CLOSER LOOK: What is Legionella?

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GROVE CITY, OH (WCMH)–  A Mount Carmel Grove City patient has died after contracting Legionnaires’ disease.

Eight cases of the disease were reported in patients at the hospital.

Legionnaires’ disease generally kills about 10 percent of those diagnosed in the general population, but that rate can rise to 1 in 4 people when the outbreak is at a nursing home or hospital.

According to the Centers for Disease Control and Prevention, healthcare facilities usually serve people at the highest risk for the disease including older people and those who have certain risk factors, such as being a current or former smoker, having a chronic disease, or having a weakened immune system. The CDC also says healthcare facilities can have large complex water systems that promote Legionella (the bacterium that causes Legionnaires’ disease) growth if not properly maintained. 

“One of the issues with it that, a lot of times individuals who come into exposure with it may not come down with anything, but it is those who are mostly older, who have chronic diseases, who are immunocompromised they are the most at risk,” said Franklin County Assistant Health Commissioner Alexandria Jones. 

Causes, How it Spreads, and People at Increased Risk

According to the CDC, Legionella is a type of bacterium found naturally in freshwater environments, like lakes and streams. It can become a health concern when it grows and spreads in human-made building water systems like

  • Showerheads and sink faucets
  • Cooling towers (structures that contain water and a fan as part of centralized air cooling systems for building or industrial processes)
  • Hot tubs that aren’t drained after each use
  • Decorative fountains and water features
  • Hot water tanks and heaters
  • Large plumbing systems

“It is transmitted through an airborne mechanism. So you have to breath it in,” Jones added.  

Mount Carmel released this statement about the outbreak:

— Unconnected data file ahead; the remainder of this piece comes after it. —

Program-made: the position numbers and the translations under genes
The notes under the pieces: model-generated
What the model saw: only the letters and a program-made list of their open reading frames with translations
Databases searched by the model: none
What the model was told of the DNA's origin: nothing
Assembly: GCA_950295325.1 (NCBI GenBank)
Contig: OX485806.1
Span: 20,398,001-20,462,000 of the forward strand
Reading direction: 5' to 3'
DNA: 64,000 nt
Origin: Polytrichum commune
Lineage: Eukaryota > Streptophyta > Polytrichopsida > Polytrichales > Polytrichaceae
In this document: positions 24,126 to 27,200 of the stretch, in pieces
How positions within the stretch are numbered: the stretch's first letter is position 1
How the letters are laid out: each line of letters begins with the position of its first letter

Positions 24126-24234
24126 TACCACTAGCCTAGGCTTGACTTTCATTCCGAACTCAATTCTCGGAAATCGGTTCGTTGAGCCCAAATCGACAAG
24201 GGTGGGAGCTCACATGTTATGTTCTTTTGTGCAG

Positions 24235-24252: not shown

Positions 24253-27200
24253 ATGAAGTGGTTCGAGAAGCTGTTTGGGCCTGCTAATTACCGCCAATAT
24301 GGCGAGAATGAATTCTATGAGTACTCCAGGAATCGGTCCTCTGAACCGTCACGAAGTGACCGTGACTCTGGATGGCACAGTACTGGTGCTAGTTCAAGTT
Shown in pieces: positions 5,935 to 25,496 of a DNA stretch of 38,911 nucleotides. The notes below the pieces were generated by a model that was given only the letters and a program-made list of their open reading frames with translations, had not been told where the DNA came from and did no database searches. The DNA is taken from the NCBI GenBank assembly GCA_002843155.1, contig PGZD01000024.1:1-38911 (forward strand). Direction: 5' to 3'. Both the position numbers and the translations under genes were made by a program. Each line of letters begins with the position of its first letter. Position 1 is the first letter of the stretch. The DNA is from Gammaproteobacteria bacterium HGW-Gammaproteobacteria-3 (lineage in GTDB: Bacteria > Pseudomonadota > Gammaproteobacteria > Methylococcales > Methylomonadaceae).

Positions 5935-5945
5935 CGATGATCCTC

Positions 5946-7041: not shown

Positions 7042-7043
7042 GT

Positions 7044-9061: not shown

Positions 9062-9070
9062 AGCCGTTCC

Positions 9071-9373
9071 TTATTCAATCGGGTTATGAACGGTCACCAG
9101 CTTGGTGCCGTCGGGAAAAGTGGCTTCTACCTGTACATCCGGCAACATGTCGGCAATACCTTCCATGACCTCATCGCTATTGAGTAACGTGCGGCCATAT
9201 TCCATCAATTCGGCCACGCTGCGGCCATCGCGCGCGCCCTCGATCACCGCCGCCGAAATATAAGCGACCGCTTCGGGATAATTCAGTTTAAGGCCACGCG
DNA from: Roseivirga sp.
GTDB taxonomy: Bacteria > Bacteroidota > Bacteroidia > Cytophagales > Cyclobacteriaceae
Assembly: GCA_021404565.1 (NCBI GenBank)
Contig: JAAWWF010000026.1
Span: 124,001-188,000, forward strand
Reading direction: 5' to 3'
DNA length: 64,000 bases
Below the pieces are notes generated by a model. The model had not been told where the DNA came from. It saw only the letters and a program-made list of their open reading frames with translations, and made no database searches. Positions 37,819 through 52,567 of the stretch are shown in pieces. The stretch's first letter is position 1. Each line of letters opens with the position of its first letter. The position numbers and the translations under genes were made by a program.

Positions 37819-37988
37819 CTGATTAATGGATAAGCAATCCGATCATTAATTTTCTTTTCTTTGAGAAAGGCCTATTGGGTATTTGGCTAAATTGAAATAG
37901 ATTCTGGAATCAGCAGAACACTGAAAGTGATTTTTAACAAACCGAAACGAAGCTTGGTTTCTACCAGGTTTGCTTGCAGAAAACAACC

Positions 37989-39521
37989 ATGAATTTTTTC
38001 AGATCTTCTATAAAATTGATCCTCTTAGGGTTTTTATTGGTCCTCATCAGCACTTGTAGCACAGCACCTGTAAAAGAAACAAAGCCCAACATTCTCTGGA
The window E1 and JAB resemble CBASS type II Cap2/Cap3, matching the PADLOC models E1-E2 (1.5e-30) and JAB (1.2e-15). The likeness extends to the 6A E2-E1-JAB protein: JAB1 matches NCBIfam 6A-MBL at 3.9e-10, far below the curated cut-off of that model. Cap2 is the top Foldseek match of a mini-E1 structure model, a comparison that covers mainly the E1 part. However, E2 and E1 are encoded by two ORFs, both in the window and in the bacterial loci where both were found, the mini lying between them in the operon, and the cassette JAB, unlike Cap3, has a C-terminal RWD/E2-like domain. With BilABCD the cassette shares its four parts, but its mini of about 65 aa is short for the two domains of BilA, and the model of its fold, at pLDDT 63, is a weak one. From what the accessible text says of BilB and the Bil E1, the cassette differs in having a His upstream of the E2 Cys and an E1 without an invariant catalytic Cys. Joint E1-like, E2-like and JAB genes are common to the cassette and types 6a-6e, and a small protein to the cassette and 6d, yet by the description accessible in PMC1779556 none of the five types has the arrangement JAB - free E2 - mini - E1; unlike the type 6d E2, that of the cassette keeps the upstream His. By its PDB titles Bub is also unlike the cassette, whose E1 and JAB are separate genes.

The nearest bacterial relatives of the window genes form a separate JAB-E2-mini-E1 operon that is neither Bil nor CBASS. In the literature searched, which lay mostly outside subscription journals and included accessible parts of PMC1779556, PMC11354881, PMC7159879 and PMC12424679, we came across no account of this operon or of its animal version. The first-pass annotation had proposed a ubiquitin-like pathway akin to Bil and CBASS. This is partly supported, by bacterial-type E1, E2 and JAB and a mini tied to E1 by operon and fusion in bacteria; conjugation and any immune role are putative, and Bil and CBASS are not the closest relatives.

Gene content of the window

“We are deeply saddened to confirm that one of the patients who was diagnosed with Legionnaires’ disease passed away today. Out of respect for the family’s privacy and in keeping with patient privacy laws, we are not discussing the specifics and complexities of patient information. We can say that it’s too early to determine the final cause of death. For most people, the risk of developing Legionnaires’ disease is low; however, individuals with chronic, underlying medical conditions are at increased risk.

Currently, we’re working with county and state health officials to identify the source of the bacteria. We’ve taken several steps to protect our patients, staff and visitors, including implementing extensive water restrictions. We are running additional tests on water sources throughout Mount Carmel Grove City, and our entire water supply is undergoing supplemental disinfection. We’re confident that we can safely maintain full services of the hospital.

If an individual has been hospitalized and developed cough, muscle aches, headaches, fever or shortness of breath, please contact your primary care physician. Members of the public who have questions or would like more information can call 614-265-8111.”

For more information from the CDC about Legionaires’ disease CLICK HERE

Copyright 2019 Nexstar Broadcasting, Inc. All rights reserved. This material may not be published, broadcast, rewritten, or redistributed.

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